We can practice speaking like boxers shadow box.

Speaking out loud strengthens the mind-mouth link (otherwise, you will still speak fluently in your mind but you will choke when speaking out loud). This doesn't mean we should talk to ourselves on the way to work, while strolling, or on public transportation. We should try to do it without disturbing others, such as explaining what we've heard, read, or seen (the list is endless: you can TALK about what happened yesterday, your bedtime book, stories you heard at the office, that new kitten video you saw on Instagram, an experience you had, some new fact, that new boring episode you watched on Netflix, what you ate, what you're going to do next, your upcoming vacation, what’s trending, the news of the day)

Who will correct my grammar, vocabulary, or pronunciation with an imagined friend? We can't have everything, but tools and services can help [1].

Lack of bravery

Fear of speaking a language different than one's mother tongue in front of native speakers is global. It's easier said than done, because strangers, not your friends, will always make fun of your accent or faults. Accept it and try again. Karma will prevail.

Perfectionism is a trap. Stop self-sabotaging. Communication is key (and for that you have to practice the Output too ).

“Don’t forget to have fun and enjoy the process.” — Ruri Ohama

[1] Grammarly, Deepl, Google Translate, etc.

Scott Galloway

Scott Galloway

1 month ago

First Health

ZERO GRACE/ZERO MALICE

Amazon's purchase of One Medical could speed up American healthcare

The U.S. healthcare industry is a 7-ton seal bleeding at sea. Predators are circling. Unearned margin: price increases relative to inflation without quality improvements. Amazon is the 11-foot megalodon with 7-inch teeth. Amazon is no longer circling... but attacking.

In 2020 dollars, per capita U.S. healthcare spending increased from $2,968 in 1980 to $12,531. The result is a massive industry with 13% of the nation's workers and a fifth of GDP.

Doctor No

In 40 years, healthcare has made progress. From 73.7 in 1980 to 78.8 in 2019, life expectancy rose (before Covid knocked it back down a bit). Pharmacological therapies have revolutionized, and genetic research is paying off. The financial return, improvement split by cost increases, is terrible. No country has expense rises like the U.S., and no one spends as much per capita as we do. Developed countries have longer life expectancies, healthier populations, and less economic hardship.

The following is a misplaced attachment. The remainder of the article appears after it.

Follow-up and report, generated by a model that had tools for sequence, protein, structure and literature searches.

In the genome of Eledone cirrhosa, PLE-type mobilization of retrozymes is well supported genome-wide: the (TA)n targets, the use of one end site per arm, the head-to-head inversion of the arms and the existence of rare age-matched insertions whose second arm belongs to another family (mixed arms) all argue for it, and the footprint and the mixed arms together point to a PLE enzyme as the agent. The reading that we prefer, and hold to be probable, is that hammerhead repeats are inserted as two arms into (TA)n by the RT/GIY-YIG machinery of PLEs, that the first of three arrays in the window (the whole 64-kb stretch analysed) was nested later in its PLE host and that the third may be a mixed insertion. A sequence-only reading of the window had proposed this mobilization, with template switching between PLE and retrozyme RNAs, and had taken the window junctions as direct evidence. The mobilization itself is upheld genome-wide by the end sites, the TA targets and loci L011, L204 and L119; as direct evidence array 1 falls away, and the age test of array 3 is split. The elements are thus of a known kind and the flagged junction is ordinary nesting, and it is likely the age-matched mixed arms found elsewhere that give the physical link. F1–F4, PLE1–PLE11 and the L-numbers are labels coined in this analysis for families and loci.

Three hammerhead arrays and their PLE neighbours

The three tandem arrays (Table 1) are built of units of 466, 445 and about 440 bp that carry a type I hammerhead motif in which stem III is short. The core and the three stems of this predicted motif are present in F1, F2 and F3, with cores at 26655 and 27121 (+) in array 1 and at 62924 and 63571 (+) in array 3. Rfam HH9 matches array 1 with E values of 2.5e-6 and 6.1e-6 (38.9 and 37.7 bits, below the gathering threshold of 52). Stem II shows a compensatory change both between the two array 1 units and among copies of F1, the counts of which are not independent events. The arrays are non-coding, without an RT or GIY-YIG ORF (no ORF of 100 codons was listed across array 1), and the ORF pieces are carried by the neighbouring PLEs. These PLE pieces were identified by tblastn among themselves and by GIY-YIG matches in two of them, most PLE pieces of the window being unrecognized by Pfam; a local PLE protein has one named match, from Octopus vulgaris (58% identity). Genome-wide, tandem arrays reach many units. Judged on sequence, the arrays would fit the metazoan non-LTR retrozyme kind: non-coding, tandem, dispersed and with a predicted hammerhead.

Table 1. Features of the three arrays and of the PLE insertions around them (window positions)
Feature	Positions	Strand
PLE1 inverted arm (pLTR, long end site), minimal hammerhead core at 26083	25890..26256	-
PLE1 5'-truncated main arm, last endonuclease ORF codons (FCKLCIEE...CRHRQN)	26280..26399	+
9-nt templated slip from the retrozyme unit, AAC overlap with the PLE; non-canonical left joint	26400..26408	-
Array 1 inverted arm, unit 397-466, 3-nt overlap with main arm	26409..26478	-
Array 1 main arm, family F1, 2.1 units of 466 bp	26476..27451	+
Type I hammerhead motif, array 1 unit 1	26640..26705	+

Two-thirds of U.S. personal bankruptcies are due to medical expenses and/or missed work. Mom or Dad getting cancer could bankrupt many middle-class American families. 40% of American adults delayed or skipped needed care due to cost. Every healthcare improvement seems to have a downside. Same pharmacological revolution that helped millions caused opioid epidemic. Our results are poor in many areas: The U.S. has a high infant mortality rate.

Healthcare is the second-worst retail industry in the country. Gas stations are #1. Imagine walking into a Best Buy to buy a TV and a Blue Shirt associate requests you fill out the same 14 pages of paperwork you filled out yesterday. Then you wait in a crowded room until they call you, 20 minutes after the scheduled appointment you were asked to arrive early for, to see the one person in the store who can talk to you about TVs, who has 10 minutes for you. The average emergency room wait time in New York is 6 hours and 10 minutes.

If it's bad for the customer, it's worse for the business. Physicians spend 27% of their time helping patients; 49% on EHRs. Documentation, order entry, billing, and inbox management. Spend a decade getting an M.D., then become a bureaucrat.

No industry better illustrates scale diseconomies. If we got the same return on healthcare spending as other countries, we'd all live to 100. We could spend less, live longer and healthier, and pay off the national debt in 15 years. U.S. healthcare is the worst ever.

What now? Competition is at the heart of capitalism, the worst system of its kind.

Priority Time

Amazon is buying One Medical for $3.9 billion. I think this deal will liberate society. Two years in, I think One Medical is great. When I got Covid, I pressed the One Medical symbol on my phone; a nurse practitioner prescribed Paxlovid and told me which pharmacies had it in stock.